Using French Cleats to Hang Framed Art

You sound like you’re ready to become your own boss in the exciting world of frame-nudging!

– Franchise Salesman, The Simpsons

Y’all may remember that I purchased some geeky artwork for our bedroom redo.

Framed, but not hung.

Framed, but not hung.

By the way, what ever happened with the bedroom project?? Well, we’re done except for the window treatments. I did not finish “treating” the windows before Kevin’s sister, her younger son and his friend arrived. We’re having such a good time with them that the windows will just have to wait! Haven’t been to Ikea yet, but it will happen…

I wanted to hang these facing each other over the bed, but I was afeared! I thought there was no chance I could achieve the elusive straight-and-level matched installation, especially since the frames were such a contrast with both the mats and the wall.

I perused the picture hanging hardware at Menards for ideas, and picked up a pair of these:

OOK 55310 Hangman French Cleat

This the OOK “Hangman” French Cleat. They come in several sizes, but this version is about five inches wide, and more than adequate for my needs.

OOK? (via)

Plus: OOK? High-five if you get this. (via)

So what’s so life-transforming about that? A French cleat interlocks over the whole length of the hardware, so if you get the hardware straight, the artwork will be as well. Hanging with wire is less precise because it’s hard to exactly pin down the distance from the top of the frame to the wire and using more than one hanger complicates matters. Organizing Art with Paper TemplatesWith the hardware purchased, I felt action might be imminent. I actually started to think about hanging the pictures rather than just moving them around the room so we didn’t trip over them. Audacious, right? I figured out where to hang them in relation to the headboard by using paper templates. I moved these around a fair bit while settling on the final location. The Kev had no opinion.

With the location established, the first hardware step is to attach the hanging part of the cleat to the frame. French Cleat Attached to Frame

Just snug this up to the frame and screw it on (I drilled pilot holes so the wood wouldn’t split). Because this is attached to the frame and straight, it’s naturally “level” on this side of things (assuming it’s really snugged up to the frame itself — being crooked as against the frame would be a problem).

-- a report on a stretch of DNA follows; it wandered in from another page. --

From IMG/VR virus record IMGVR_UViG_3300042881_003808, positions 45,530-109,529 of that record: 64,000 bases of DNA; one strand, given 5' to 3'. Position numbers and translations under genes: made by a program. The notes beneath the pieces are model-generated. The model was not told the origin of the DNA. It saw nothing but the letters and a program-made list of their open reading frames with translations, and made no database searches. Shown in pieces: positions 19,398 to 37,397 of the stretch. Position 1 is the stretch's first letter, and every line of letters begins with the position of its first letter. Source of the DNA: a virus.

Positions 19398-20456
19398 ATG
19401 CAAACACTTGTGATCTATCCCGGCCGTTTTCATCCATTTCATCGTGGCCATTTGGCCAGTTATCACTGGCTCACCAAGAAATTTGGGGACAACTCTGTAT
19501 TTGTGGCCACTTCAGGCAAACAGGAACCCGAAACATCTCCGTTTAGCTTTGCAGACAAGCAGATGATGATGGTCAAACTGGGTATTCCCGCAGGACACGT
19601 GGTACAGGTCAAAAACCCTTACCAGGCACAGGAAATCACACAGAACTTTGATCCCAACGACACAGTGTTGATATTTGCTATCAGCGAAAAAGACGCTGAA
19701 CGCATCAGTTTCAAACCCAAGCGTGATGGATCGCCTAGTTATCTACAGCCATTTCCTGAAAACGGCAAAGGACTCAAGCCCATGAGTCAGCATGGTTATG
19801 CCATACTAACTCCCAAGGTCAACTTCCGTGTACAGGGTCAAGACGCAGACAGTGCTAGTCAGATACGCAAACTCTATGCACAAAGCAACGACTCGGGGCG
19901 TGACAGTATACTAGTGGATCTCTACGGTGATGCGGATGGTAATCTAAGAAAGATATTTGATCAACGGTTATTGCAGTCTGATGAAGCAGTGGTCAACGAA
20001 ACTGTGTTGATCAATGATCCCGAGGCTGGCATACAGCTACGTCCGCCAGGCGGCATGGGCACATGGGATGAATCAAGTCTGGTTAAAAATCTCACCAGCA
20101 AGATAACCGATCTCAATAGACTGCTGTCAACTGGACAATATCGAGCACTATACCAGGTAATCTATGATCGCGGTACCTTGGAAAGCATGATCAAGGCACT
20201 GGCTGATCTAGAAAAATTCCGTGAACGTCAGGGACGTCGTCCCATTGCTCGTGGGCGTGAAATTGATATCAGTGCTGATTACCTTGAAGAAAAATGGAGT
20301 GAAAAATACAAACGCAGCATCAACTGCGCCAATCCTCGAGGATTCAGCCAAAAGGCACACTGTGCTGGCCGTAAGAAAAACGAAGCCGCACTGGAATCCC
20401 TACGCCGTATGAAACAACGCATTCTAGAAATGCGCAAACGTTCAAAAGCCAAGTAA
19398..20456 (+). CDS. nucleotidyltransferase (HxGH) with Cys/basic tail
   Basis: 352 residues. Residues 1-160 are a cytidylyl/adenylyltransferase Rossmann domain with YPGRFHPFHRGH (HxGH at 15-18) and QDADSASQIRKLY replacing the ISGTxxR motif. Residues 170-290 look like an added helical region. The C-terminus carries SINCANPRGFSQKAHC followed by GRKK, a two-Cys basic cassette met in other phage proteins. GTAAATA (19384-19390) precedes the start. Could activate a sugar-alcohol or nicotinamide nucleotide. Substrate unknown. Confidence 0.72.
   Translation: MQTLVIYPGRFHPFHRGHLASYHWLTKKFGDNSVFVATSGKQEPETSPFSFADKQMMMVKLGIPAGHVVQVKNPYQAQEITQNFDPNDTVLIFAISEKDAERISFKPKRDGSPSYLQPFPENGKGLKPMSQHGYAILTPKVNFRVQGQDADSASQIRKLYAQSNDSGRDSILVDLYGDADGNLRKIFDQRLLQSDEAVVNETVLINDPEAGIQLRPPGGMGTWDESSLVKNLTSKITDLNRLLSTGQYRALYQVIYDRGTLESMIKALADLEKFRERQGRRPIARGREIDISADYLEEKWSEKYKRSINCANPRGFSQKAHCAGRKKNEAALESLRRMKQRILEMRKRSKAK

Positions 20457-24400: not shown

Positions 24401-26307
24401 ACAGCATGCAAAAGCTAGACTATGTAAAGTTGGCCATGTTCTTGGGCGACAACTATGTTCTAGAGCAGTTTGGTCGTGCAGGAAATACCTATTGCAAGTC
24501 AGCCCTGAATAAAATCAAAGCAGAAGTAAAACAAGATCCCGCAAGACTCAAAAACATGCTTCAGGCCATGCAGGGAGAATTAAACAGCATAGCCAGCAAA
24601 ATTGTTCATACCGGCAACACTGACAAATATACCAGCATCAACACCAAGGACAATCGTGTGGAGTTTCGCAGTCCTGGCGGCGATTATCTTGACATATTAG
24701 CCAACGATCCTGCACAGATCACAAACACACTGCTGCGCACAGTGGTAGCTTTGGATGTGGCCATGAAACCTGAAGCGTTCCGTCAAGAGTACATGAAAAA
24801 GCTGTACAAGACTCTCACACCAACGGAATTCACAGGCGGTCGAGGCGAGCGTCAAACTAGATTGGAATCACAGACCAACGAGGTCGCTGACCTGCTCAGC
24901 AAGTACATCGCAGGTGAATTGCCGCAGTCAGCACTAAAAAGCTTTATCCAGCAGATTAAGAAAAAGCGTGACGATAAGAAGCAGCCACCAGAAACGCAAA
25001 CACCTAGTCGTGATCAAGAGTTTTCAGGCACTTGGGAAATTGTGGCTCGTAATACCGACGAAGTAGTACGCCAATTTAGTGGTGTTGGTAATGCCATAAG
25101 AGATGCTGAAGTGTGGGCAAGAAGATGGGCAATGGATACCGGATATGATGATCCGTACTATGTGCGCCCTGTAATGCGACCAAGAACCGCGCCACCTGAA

The other piece attaches to the wall. I tried to take a good picture of the wall piece’s profile so you could see how it hooks together, and finally used a cat to prop the thing up. She was supervising anyway. Cat Demonstrates French Cleat Profile

The flat part on the right will be flat to the wall. The angled piece will jut out away from the wall so that the angled part of the frame piece will fit right against it. (The round bit is to insert a cheesy little bubble level; I used a long level instead in the interests of complete straightness.) The cat part lazes about looking simultaneously bored and critical.

Here’s a diagram in case you are spatial-relation-challenged as I am:

The difference between this diagram and the OOK thingy is that the OOK product nestles underneath the frame so that the frame is flat against the wall; no need for a spacer as shown in the diagram.

I measured down from the top of the frame to determine how far down the wall side would need to be to match up. Then I measured down from the top of my paper template the same amount and made a centered mark. I used our stud finder to, um, find a stud. Because that’s what it’s for. I drilled an extra hole in the wall piece to match up with the available stud. I screwed into the stud, then leveled as if my life depended on it, then added the second screw (and checked for level again).

Then it was Hangin’ Time.

One down, one to go.

One down up, one to go.

After measuring about 23 times and marking across carefully, I centered the other wall piece and attached it. There was quite a bit of checking and nudging and hinting and standing back and looking, but eventually, we got there. Leveled Art on French Cleats

Perhaps slightly closer to the wall light on one side, but unarguably level.

I’m still loving these prints — even more now that I can’t stub my toes on them.

UPDATE: After several months, the top rails on these frames bowed at the cleats and I had to resquare them. For lighter-weight frames like these, I would recommend shoring up the frames first, and then hanging with the cleats. Learn how here.

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